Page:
Paul Davis Ryan – Michael Smith in the US
Paul Ryan Davis was born in 1970 in Janesville, Wisconsin, the youngest of Paul Senior and Betty Ryan’s four children. Sharing the same first name as his father, Ryan’s childhood nickname was “PD” Ryan, and indeed he lives up to his initials. He was raised a Catholic. At high school, as well as being a keen skier and a big fan, he will tell you, of Led Zeppelin, he played Rhett Butler in the school’s 1988 Gone With The Wind-themed prom, and was indeed prom king, which – in the US – has no negative implications for future political machismo.
Ryan’s father’s sudden death in 1986 provided him with social security benefits until his 18th birthday, which he used, along with money he earned frying burgers in McDonald’s, to pay for his education at Miami University of Ohio.
When he was not formulating his political philosophy, Ryan spent his summers working for a meat processing company, driving around in one of its Wienermobiles, a trademark car, shaped liked a hot dog in a bun. Frat boy Ryan graduated in 1992 in economics and political science.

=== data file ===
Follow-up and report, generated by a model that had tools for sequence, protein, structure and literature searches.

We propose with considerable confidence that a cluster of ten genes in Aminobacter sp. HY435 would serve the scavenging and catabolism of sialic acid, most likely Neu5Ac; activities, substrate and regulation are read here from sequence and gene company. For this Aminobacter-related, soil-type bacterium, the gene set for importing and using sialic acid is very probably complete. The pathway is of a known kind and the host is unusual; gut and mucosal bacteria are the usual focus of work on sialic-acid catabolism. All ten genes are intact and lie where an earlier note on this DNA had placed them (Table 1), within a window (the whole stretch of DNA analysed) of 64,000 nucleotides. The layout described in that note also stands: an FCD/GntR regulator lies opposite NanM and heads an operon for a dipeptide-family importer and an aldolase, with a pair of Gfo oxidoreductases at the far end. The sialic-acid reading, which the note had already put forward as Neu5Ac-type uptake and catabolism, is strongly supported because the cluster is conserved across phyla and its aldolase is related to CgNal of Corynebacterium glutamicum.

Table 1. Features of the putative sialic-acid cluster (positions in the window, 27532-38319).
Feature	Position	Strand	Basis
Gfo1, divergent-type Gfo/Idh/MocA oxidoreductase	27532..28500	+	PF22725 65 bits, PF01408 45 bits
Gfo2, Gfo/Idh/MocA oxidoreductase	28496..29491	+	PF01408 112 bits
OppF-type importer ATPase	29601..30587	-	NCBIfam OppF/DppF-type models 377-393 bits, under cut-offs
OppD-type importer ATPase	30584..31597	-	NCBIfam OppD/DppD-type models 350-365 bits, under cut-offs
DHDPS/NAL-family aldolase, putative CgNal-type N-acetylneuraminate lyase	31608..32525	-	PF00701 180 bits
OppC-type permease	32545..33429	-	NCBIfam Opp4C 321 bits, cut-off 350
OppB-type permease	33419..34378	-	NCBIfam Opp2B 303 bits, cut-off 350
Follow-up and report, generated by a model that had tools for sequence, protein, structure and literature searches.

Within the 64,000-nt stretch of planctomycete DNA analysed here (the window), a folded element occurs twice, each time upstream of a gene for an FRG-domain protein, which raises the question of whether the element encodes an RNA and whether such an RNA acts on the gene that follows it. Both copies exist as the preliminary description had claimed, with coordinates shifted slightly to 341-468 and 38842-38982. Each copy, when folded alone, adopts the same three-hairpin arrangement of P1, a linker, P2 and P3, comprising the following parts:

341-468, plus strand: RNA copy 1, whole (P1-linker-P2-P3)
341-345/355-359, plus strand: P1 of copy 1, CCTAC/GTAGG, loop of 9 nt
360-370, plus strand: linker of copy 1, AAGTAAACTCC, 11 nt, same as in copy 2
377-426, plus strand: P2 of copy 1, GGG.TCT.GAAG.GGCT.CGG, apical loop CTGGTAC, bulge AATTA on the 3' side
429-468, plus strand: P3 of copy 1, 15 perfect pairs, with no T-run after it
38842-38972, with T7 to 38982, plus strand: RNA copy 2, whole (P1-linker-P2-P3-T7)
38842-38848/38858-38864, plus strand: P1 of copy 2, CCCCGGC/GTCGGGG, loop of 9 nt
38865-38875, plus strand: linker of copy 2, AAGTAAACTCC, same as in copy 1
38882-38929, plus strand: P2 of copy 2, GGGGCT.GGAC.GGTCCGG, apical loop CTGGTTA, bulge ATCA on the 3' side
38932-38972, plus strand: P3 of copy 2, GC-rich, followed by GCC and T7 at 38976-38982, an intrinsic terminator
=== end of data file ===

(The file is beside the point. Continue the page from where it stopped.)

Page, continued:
He then worked as a marketing consultant for his family’s business, Ryan Inc, a construction firm founded by his great-grandfather in 1884. Ryan also owns a consulting firm, and worked as an aide to former Senator Robert Kasten. This whetted his appetite for politics, and in 1995, Ryan became Senator Sam Brownback’s legislative director, until 1997. Ryan also worked as a speechwriter for former drug “czar” William Bennett and helped George H W Bush’s housing secretary, conservative supply-sider Jack Kemp in his bid for the vice-presidency in the 1996 election, where he ran beside presidential nominee, Bob Dole.
Spending a large amount of his time serving his constituents in Washington, Ryan met his future wife, tax attorney Janna Little. An Oklahoma native, Little graduated from Wellesley College, alma mater of Hillary Clinton and Madeleine Allbright, and from George Washington University Law School. Ryan benefits from a trust worth between $1 million and $5 million, which generated between $100,000 and $1 million in income last year. The trust was part of his well-appointed wife’s family inheritance.